The limits of intensive feeding: maternal foodwork at the intersections of race, class, and gender

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Despite experiencing numerous barriers, mothers today confront increasing social pressure to embody perfection through their foodwork. A growing body of social science research identifies how gender and class inequality shape women's perceptions of food and their feeding strategies, but this research is thus far limited in its understanding of the roles that race and ethnic identity play in a mother's food landscape. Drawing on 60 in-depth interviews with a racially and economically diverse group of mothers, this paper examines how feeding young children is intertwined with contemporary ideas about child health as well as women's efforts to negotiate race, class, and gender hierarchies. Extending Hays' concept of intensive mothering, rich descriptions of feeding children reveal how mothers in this study are discursively engaged with what I call an ‘intensive feeding ideology’ – the widespread belief that good mothering is synonymous with intensive food labour. Drawing on intersectional theory, this article discusses the limits of an intensive feeding ideology, particularly for poor and middle-class mothers of colour. The findings contribute to an understanding of how power relations are embedded within food ideologies and how mothers of young children attempt to negotiate them.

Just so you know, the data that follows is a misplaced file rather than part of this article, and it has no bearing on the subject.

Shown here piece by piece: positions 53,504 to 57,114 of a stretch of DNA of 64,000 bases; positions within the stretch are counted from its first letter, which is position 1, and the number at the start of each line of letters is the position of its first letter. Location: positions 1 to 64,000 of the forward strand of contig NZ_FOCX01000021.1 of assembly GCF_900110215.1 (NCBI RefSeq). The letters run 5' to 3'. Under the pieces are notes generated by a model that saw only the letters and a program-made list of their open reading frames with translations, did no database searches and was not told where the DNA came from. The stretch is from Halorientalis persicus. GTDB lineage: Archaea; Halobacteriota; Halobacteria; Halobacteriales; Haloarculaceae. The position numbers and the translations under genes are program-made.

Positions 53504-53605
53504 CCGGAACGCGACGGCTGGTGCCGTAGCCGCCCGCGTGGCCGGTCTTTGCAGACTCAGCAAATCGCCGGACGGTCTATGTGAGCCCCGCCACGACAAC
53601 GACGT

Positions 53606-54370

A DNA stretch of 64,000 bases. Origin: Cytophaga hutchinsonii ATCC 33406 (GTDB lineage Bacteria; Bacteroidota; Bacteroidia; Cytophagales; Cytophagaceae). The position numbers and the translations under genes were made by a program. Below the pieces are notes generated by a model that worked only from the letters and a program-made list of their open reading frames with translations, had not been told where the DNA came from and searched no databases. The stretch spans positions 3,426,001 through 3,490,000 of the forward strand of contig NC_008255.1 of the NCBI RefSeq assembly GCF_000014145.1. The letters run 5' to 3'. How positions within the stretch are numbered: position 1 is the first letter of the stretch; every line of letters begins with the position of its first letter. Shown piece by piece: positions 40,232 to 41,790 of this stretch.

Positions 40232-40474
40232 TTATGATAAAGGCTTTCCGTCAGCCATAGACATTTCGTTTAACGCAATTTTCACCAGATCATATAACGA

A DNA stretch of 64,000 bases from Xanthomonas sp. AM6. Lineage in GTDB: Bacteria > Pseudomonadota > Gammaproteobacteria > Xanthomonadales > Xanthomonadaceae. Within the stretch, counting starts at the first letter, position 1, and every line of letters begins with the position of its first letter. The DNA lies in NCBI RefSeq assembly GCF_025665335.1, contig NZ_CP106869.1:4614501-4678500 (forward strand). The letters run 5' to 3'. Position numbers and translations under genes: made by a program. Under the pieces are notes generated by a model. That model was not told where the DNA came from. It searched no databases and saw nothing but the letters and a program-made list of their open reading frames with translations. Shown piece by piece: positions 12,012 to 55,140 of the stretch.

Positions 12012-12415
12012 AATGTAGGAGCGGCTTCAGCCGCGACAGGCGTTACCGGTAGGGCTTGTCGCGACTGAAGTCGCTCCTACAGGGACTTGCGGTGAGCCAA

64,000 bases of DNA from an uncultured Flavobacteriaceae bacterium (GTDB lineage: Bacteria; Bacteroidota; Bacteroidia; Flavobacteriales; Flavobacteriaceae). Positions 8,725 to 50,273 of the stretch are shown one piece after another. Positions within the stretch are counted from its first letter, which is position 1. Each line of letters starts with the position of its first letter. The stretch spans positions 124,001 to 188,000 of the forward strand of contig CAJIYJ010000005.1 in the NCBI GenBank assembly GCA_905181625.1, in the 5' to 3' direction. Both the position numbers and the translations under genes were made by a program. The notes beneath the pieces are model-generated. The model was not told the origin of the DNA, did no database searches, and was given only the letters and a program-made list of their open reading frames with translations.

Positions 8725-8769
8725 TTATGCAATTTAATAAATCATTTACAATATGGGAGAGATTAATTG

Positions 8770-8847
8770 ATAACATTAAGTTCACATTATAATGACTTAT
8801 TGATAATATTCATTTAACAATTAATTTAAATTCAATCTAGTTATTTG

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Sociology of Health and Illness

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